Randomness at “At Random”

30 04 2007

WordPress, the people behind the software that runs this blog and hundreds of thousands of others, have added yet another cool feature – this time it’s one for readers, not for owners.

To read a random post from this blog (or any other WordPress blog), just type ?random at the end of the URL. For example, https://sandgroper14.wordpress.com/?random

I’d forgotten I’d even written some of these!

Fake names for documentation

30 04 2007

Last week a discussion on one of my tech writing lists focused on using fictitious names in documentation, such as in Name fields in software and websites that are used in training, demonstrations, and screenshots in the manuals. One thing you don’t want to do is use a set of real names from a real client. In fact, I heard of an instance – it may be an apocryphal tale – where a real person’s name was projected on a large screen, and some in the training session got very upset as that person had died very recently.

So this discussion offered some ideas for ‘dummy’ names that you could use. Now, whether you would actually use any of these is not my call – you’d have to make your own decision based on who you work for and who your audience is!

Here’s a sample of some that were offered:

“Punny” names:

  • Patty O’Furniture
  • Ann Chovey
  • Hazel Nutt
  • Chris P. Bacon
  • Marsha Mellow
  • Olive Yew
  • Barb Akew
  • Aida Bugg
  • Maureen Biologist
  • Teri Dactyl
  • Peg Legge
  • Allie Grater
  • Liz Erd
  • A. Mused
  • Constance Noring
  • Lois Di Nominator
  • Minnie Van Ryder
  • Lynn O’Leeum
  • P. Ann O’Recital
  • Ray O’Sun
  • Ray Sin
  • Isabelle Ringing
  • Eileen Sideways
  • Rita Book
  • Paige Turner
  • Rhoda Report
  • Augusta Wind
  • Chris Anthemum
  • Anne Teak
  • U.R. Nice
  • Anita Bath
  • Harriet Upp
  • I.M. Tired
  • I. Missy Ewe
  • Ivana B. Withew
  • Anita Letterback
  • Hope Furaletter
  • B. Homesoon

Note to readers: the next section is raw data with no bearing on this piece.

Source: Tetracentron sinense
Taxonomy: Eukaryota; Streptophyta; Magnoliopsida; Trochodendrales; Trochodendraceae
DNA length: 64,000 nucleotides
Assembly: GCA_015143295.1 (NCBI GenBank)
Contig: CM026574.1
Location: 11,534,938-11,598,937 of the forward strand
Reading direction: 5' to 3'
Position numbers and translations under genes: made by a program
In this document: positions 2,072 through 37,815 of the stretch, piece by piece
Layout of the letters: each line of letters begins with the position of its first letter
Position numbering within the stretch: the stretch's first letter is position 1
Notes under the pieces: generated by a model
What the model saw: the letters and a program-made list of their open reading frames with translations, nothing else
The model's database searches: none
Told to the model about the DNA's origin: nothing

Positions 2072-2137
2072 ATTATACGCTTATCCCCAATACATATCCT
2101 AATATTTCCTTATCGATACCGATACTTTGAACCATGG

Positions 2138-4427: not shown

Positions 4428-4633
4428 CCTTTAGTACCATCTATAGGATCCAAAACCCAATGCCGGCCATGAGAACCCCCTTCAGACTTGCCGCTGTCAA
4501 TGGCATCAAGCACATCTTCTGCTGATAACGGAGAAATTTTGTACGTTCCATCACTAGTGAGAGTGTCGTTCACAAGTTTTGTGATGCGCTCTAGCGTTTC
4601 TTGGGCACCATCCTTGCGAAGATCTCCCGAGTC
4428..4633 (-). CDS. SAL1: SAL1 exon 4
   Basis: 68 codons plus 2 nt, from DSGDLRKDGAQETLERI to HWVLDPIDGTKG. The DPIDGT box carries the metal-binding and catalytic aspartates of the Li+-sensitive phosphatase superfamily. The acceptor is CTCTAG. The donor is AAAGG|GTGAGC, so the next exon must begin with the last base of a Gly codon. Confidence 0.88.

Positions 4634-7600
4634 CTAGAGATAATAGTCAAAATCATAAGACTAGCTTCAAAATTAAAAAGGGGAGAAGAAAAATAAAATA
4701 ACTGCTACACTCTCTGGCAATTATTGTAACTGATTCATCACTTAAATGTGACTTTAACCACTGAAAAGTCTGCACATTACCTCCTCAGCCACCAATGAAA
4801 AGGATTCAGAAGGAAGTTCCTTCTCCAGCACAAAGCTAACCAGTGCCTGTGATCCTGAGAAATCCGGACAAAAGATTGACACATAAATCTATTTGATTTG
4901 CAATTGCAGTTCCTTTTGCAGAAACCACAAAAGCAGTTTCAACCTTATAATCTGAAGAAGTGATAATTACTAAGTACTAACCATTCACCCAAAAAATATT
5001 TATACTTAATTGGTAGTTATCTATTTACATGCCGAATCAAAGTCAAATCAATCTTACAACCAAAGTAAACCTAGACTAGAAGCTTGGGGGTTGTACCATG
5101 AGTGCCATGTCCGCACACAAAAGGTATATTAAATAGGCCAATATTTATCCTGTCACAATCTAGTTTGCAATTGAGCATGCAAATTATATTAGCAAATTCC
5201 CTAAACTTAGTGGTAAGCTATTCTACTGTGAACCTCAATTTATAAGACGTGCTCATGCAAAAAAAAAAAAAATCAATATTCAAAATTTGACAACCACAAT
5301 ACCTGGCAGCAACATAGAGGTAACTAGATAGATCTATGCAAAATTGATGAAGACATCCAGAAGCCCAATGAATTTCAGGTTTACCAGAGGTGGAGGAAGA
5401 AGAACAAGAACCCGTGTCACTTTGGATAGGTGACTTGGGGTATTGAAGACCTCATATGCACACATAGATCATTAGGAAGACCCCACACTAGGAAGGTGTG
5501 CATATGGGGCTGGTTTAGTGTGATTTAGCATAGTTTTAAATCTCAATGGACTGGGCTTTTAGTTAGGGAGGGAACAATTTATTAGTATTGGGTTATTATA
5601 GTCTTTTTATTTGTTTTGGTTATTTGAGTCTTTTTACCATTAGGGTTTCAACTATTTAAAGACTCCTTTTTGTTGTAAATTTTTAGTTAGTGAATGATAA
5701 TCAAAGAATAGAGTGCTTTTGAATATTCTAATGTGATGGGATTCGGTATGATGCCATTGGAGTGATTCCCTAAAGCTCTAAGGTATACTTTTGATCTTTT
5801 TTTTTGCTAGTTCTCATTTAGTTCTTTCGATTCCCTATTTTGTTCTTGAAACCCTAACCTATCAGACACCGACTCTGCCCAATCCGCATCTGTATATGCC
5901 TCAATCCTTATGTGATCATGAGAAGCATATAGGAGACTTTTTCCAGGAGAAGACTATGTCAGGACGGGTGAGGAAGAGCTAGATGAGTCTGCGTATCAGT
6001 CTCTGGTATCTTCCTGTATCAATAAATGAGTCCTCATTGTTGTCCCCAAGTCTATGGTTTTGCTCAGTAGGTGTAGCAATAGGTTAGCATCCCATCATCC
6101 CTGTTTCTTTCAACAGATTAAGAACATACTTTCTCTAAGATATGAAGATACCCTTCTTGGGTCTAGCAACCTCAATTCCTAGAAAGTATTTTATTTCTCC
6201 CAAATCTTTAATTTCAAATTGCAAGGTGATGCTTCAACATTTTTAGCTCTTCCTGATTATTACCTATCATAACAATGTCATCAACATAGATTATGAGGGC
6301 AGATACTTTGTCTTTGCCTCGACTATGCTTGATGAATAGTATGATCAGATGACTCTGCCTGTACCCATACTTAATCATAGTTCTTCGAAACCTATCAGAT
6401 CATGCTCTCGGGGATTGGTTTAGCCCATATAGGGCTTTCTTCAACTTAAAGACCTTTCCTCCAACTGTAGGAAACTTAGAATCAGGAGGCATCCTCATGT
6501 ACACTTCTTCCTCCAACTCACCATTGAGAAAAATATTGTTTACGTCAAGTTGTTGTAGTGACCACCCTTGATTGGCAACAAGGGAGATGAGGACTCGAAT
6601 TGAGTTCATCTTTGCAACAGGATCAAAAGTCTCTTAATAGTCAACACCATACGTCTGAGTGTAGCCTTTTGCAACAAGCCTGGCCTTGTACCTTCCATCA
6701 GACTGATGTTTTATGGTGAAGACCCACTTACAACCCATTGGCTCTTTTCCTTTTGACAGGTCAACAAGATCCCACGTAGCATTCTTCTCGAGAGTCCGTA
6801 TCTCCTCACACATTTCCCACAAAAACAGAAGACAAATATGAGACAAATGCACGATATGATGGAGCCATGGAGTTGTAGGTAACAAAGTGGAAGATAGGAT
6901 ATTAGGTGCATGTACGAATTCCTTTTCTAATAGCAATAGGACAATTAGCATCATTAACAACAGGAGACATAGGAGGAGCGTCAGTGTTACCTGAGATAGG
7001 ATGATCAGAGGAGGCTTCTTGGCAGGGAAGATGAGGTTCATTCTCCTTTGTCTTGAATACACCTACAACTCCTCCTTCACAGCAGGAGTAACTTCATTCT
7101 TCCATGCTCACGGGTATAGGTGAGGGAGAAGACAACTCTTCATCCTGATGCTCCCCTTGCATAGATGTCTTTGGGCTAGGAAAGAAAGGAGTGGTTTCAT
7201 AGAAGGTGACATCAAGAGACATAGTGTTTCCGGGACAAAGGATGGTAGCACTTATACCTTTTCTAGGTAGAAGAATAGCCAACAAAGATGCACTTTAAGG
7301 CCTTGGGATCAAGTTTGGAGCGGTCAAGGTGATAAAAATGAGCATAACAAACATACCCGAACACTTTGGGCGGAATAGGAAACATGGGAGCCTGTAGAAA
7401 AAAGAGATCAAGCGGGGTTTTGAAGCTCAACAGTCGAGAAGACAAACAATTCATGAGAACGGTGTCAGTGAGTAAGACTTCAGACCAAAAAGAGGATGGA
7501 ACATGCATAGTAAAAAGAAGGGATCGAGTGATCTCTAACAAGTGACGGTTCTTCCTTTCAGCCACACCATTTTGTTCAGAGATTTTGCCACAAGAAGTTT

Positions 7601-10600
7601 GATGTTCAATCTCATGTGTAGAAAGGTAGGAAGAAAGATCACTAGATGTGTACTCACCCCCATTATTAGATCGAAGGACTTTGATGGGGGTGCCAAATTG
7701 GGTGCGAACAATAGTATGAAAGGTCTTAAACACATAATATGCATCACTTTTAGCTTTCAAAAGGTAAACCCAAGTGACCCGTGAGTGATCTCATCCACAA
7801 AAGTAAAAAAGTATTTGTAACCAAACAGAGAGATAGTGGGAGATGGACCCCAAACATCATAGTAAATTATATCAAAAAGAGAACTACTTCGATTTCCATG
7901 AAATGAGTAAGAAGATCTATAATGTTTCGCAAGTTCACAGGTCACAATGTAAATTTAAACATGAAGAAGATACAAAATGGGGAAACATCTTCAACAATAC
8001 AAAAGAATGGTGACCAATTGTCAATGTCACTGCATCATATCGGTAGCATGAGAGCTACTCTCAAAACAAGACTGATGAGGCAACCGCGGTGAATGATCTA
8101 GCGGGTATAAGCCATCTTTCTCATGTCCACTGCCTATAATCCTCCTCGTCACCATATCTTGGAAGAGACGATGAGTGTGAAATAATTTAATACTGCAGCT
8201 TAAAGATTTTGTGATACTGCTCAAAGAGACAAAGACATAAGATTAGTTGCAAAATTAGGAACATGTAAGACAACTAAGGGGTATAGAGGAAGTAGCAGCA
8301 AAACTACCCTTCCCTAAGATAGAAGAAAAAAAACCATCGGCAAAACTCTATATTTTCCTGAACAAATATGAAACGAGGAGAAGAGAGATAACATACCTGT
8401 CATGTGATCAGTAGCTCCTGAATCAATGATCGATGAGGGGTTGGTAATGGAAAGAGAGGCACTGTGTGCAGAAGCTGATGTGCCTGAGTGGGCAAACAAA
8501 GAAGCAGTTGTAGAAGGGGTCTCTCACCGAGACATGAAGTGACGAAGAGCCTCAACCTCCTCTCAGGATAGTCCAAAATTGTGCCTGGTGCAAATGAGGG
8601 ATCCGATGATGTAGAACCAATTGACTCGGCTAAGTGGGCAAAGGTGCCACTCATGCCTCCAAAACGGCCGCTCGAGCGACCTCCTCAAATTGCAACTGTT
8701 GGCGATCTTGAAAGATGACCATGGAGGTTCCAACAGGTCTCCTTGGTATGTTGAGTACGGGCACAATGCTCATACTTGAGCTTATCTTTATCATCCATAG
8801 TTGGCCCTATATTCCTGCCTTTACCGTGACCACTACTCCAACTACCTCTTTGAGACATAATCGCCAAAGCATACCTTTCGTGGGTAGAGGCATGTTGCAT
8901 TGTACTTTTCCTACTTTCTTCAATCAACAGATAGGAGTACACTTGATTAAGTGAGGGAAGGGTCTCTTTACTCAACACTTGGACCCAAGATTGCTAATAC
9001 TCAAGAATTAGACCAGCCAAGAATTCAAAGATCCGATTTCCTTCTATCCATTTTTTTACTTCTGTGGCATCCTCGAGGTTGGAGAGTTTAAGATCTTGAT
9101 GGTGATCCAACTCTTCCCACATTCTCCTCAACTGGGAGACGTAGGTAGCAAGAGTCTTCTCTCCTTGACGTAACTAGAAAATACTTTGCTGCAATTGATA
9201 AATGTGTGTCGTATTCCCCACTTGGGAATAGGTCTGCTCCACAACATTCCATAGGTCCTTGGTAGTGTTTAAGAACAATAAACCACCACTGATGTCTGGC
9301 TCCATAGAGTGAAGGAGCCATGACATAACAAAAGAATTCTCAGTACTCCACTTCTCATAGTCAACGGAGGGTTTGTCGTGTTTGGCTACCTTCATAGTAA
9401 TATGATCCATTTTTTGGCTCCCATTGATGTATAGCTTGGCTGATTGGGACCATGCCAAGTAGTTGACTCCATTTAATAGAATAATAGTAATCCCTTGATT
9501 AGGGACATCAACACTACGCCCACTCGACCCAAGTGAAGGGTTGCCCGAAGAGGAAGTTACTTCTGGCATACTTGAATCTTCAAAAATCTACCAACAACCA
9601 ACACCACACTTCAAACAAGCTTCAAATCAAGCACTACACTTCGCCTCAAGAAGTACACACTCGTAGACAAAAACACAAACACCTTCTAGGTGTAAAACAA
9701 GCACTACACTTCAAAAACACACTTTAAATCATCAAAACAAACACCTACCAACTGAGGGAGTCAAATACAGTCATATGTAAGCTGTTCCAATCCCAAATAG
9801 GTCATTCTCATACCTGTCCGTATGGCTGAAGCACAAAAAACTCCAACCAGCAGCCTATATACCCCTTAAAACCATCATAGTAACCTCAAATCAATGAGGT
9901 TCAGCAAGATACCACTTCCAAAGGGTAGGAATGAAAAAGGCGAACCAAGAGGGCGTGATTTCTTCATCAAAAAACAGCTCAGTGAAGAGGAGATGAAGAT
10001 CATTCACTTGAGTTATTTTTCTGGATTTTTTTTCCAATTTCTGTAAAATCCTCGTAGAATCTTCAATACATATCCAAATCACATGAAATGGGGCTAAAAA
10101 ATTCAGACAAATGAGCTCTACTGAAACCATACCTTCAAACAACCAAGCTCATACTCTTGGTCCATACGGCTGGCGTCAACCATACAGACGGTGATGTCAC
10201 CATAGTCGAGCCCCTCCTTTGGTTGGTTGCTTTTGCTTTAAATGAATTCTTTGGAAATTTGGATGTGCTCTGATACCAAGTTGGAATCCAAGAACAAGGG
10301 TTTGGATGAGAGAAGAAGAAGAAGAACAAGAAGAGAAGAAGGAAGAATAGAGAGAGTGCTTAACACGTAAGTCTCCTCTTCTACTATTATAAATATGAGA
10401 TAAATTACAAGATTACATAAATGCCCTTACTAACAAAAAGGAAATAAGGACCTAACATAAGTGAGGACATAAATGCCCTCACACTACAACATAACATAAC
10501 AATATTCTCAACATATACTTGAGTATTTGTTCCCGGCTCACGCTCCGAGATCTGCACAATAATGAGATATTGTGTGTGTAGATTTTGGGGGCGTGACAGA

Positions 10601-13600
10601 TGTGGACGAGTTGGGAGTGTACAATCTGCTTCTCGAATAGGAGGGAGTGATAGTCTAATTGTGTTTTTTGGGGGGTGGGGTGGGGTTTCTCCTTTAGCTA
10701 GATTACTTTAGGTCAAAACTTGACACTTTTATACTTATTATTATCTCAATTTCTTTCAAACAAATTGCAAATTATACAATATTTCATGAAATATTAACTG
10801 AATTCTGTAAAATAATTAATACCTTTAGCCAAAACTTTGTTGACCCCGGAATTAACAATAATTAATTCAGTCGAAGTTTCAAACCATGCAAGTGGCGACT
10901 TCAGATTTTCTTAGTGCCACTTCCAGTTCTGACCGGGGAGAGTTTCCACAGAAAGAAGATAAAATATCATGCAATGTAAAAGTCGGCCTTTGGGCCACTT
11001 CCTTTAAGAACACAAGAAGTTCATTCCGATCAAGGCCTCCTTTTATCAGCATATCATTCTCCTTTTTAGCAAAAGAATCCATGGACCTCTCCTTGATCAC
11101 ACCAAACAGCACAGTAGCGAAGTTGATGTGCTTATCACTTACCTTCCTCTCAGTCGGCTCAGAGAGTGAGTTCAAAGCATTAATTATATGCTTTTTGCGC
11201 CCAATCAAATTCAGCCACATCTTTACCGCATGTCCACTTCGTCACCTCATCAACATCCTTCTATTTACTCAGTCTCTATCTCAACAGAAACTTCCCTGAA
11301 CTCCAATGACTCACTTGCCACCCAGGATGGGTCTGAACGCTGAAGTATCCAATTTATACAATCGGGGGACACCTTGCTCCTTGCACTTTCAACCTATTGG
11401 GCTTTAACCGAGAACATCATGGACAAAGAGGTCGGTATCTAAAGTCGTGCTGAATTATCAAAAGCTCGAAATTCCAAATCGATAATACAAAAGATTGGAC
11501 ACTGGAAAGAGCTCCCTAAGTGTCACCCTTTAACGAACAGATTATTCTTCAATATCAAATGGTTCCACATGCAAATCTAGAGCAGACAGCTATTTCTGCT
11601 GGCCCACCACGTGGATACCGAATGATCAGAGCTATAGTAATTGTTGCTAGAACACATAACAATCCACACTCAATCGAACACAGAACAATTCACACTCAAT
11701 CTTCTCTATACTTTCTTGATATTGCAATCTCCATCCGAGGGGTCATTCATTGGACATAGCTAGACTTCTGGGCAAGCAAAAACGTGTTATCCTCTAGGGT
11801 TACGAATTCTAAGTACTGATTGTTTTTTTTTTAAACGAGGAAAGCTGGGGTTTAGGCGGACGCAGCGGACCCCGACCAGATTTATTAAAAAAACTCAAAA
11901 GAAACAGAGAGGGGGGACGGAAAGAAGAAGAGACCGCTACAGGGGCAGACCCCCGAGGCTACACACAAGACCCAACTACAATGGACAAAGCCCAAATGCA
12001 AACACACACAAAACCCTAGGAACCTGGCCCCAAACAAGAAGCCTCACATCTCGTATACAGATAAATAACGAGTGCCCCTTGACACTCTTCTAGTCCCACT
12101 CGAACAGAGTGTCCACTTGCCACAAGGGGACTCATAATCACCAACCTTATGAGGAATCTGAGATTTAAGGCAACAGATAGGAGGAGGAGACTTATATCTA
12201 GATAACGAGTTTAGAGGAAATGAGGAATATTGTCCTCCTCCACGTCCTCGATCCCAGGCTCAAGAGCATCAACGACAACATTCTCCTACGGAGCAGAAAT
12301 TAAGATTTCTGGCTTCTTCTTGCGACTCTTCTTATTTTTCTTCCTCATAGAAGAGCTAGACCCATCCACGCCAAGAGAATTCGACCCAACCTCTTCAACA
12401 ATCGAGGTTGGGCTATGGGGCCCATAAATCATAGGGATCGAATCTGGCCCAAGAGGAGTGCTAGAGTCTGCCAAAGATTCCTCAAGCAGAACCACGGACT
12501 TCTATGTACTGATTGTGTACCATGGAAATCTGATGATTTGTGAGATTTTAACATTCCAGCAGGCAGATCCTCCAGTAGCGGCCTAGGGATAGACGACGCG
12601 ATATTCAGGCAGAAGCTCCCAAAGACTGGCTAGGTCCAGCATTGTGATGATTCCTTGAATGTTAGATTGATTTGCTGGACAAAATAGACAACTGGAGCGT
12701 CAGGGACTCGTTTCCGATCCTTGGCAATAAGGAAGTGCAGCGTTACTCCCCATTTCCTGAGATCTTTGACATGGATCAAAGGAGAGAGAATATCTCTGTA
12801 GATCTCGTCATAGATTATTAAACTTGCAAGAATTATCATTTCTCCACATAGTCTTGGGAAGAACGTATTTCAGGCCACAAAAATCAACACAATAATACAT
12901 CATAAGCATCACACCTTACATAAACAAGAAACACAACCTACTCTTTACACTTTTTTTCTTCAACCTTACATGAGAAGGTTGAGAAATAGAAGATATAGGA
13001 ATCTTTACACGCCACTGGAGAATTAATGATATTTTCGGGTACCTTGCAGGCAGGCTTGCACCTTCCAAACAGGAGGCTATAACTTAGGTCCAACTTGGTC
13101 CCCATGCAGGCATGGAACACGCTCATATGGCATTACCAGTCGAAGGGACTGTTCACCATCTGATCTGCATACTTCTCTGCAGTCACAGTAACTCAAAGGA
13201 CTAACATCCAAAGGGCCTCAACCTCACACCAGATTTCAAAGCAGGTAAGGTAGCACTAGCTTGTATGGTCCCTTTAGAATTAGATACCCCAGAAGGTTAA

• Bea Mine
  • Bess Twishes
  • C. Yasoon
  • Audie Yose
  • Dee End
  • Amanda Hug
  • Frank Furter
  • Ben Dover
  • Eileen Dover
  • Willie Makit
  • Willie Findit
  • Barry Cuda
  • Barry Mundy
  • John Dory
  • Addie Minstra
  • Anne Ortha
  • Dave Allippa
  • Dee Zynah
  • Hugh Mannerizorsa
  • Loco Lyzayta
  • Manny Jah
  • Mark Ateer
  • Reeve Ewer
  • Tex Ryta
  • Theresa Green
Fictional and Biblical characters:

  • Lois Lane
  • Clark Kent
  • Ralph and Alice Kramden
  • Holly Golightly
  • Liza Doolittle
  • Henry Higgins
  • Joseph Arimathea
  • Mary Magdalene
  • Simon Cyrene
  • Dixie Normous (“Austin Powers”)
  • Felicity Shagwell (“Austin Powers”)
  • Ivana Humpalot (“Austin Powers”)
  • Plenty O’Toole (“Bond” movies)
  • Tiffany Case (“Bond” movies)
  • Shady Tree (“Bond” movies)
  • Kissy Suzuki (“Bond” movies)
  • Pussy Galore (“Bond” movies)
  • Honey Ryder (“Bond” movies)
  • Sylvia Trench (“Bond” movies)
  • Lupe Lamora (“Bond” movies)
  • May Day (“Bond” movies)
  • Jenny Flex (“Bond” movies)
  • Penelope Smallbone (“Bond” movies)
  • Holly Goodhead (“Bond” movies)
  • Mary Goodnight (“Bond” movies)
  • Chew Mee (“Bond” movies)
  • Ruby Bartlett (“Bond” movies)
Purely made up:

  • Melody Sunshine
  • Dustin Trailblazer
  • Donald Canard (Donald Duck)
  • Michael J. Reynard (Michael J Fox)
  • Michael Souris (Mickey Mouse)

If you need ‘real’ names, you can always try some of the many random name generators on the internet. You can get some very weird ones (like Klingon names, fantasy names, etc.), but there are ‘real’ names among all that too. One that I particularly like takes the names from the various US census and mixes them up according to popularity, gender, etc. Try it at: http://www.kleimo.com/random/name.cfm (another one I found when looking for this one was:

(Thanks to the contributors on the STC Lone Writers discussion list)

Nature walk

29 04 2007

We live in an area filled with beautiful native forests, hills, valleys, and some of the most unique flora and fauna on this planet. It was a gorgeous day yesterday so I dragged my reluctant other half to an area some 25 km away called Karri Gully (locals: off the Brockman Highway between Bridgetown and Nannup, adjacent to the Bibbulmun Track).

Karri Gully is the start of the magnificent karri forests of the southwest of Western Australia (that’s a karri tree in this photo; see more pics on pages 10 and 11 of this photo album), and has some massive trees.

Karri trees

Karri tree

There’s a 20 minute walking trail that loops through this bit of karri forest (which also has marri and jarrah as far as I could tell) so we walked on that until we came to the intersection with the Bibbulmun Track. We decided to take the south branch of the Bibbulmun back to the highway, then walked back to the car at the Karri Gully picnic area.